时间:2019-03-08 09:06:00166网络整理admin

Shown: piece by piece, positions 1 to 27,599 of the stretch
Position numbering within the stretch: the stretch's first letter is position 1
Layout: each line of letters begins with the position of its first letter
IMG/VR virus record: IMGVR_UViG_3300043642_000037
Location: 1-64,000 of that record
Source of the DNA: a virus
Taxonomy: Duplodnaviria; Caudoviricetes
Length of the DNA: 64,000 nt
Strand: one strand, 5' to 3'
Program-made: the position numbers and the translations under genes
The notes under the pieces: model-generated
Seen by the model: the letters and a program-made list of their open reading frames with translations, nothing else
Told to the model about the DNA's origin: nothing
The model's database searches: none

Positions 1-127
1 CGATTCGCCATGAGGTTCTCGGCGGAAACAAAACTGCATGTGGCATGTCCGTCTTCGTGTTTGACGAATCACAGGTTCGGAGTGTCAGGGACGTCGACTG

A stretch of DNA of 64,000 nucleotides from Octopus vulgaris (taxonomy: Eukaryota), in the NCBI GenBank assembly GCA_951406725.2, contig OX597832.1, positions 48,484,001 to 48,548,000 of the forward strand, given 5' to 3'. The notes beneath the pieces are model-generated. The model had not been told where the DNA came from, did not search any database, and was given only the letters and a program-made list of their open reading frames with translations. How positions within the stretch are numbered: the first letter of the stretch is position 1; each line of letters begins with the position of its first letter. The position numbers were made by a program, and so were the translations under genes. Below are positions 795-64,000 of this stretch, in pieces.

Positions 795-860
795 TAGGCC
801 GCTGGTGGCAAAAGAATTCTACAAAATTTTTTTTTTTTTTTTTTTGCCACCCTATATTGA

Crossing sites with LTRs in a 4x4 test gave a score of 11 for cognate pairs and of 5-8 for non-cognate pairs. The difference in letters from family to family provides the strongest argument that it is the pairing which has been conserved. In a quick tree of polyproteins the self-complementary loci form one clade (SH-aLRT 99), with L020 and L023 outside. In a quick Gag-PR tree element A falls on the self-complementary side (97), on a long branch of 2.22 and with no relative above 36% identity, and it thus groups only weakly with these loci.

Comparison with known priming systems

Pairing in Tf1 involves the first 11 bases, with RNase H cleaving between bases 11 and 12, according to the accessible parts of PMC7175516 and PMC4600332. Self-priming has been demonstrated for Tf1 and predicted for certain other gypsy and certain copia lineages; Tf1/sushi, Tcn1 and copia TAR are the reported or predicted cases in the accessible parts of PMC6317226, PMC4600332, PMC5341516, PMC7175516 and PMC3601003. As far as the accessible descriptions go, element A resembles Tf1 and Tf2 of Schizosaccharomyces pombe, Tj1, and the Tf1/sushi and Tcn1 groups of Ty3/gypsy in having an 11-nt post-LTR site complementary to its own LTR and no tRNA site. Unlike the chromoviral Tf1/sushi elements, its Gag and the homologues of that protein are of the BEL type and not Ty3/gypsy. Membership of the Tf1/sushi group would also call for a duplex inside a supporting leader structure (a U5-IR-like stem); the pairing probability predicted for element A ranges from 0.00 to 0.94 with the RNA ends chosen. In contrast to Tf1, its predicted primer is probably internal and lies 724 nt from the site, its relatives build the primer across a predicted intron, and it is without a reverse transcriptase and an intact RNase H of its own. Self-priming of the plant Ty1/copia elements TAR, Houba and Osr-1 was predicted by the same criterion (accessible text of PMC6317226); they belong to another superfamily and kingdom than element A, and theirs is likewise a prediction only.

By Hazel Muir STRANGE lumps of matter on the outskirts of our Galaxy may be stars from a bizarre “mirror sector” of the Universe, say physicists in the US and Australia. Although these stars could be burning fiercely in the prime of their lives, the laws of physics that govern them would make them invisible to human eyes. Such stars could also be home to mirror planets and maybe even mirror organisms that have adapted to see their mirror world, yet are blind to ours. “We don’t know what these life forms would be like, but it’s a possibility,” says Rabindra Mohapatra of the University of Maryland at College Park. The suggestion concerns more than a dozen so-called MACHOs, clumps of matter that seem to be on the fringes of the Milky Way. Although invisible, their gravity bends light from background stars, betraying their presence. But no one knows what they’re made of. With masses about half that of the Sun, they’re too heavy to be failed stars known as brown dwarfs. Ageing stars called white dwarfs are a possible candidate. But astronomers see no sign of the heavy elements that white dwarfs would have shed into space in earlier phases of their lives. Now Mohapatra and his colleague Vigdor Teplitz have suggested that MACHOs are made of a weird kind of mirror matter generated in the big bang. The idea of mirror matter, first suggested in the 1980s, is that every particle in nature has an elusive, unseen partner. Mirror particles would bolster theories of how the four forces in nature acted as one in the early Universe. Mirror matter would come with its own unique set of laws. It would feel the force of ordinary gravity, and could clump into mirror stars and planets. But its versions of the strong, weak and electromagnetic forces would be different from those we know. Although mirror stars would burn through nuclear fusion just like normal stars, they would not emit photons, so they would be invisible. Mohapatra and Teplitz say the case for a mirror sector is backed by data from experiments that suggest the three known neutrinos can “mix” and flip from one type to another. Some experiments hint that the three particles are mixing with a fourth kind—perhaps from the mirror world (New Scientist, 26 April 1997, p 20). Assuming that’s true, the researchers have used neutrino data to calculate the strength of forces in the mirror world. From this, they predict that the maximum mass of a stable mirror star would be about half a solar mass—just right to explain the MACHOs. The physicists, who have submitted their work to Physical Review Letters, say further experiments with neutrinos may help confirm their theory. Robert Foot of the University of Melbourne, who has independently come to similar conclusions, suggests another test. If a mirror star exploded, it would emit a burst of neutrinos. This could be detected, but the “phantom” explosion would be invisible. “That’s a possibility,” says Mohapatra. However, he says there are hints that nuclear reactions would burn stellar fuel faster in the mirror world. It’s possible that any mirror stars—even small ones—died young and collapsed into black holes long ago. “They may be correct,” says Charles Alcock of the Lawrence Livermore National Laboratory in California, one of a team that has discovered MACHOs. However, he thinks the idea is speculative and difficult to test. “I don’t expect any of us, in our lifetimes,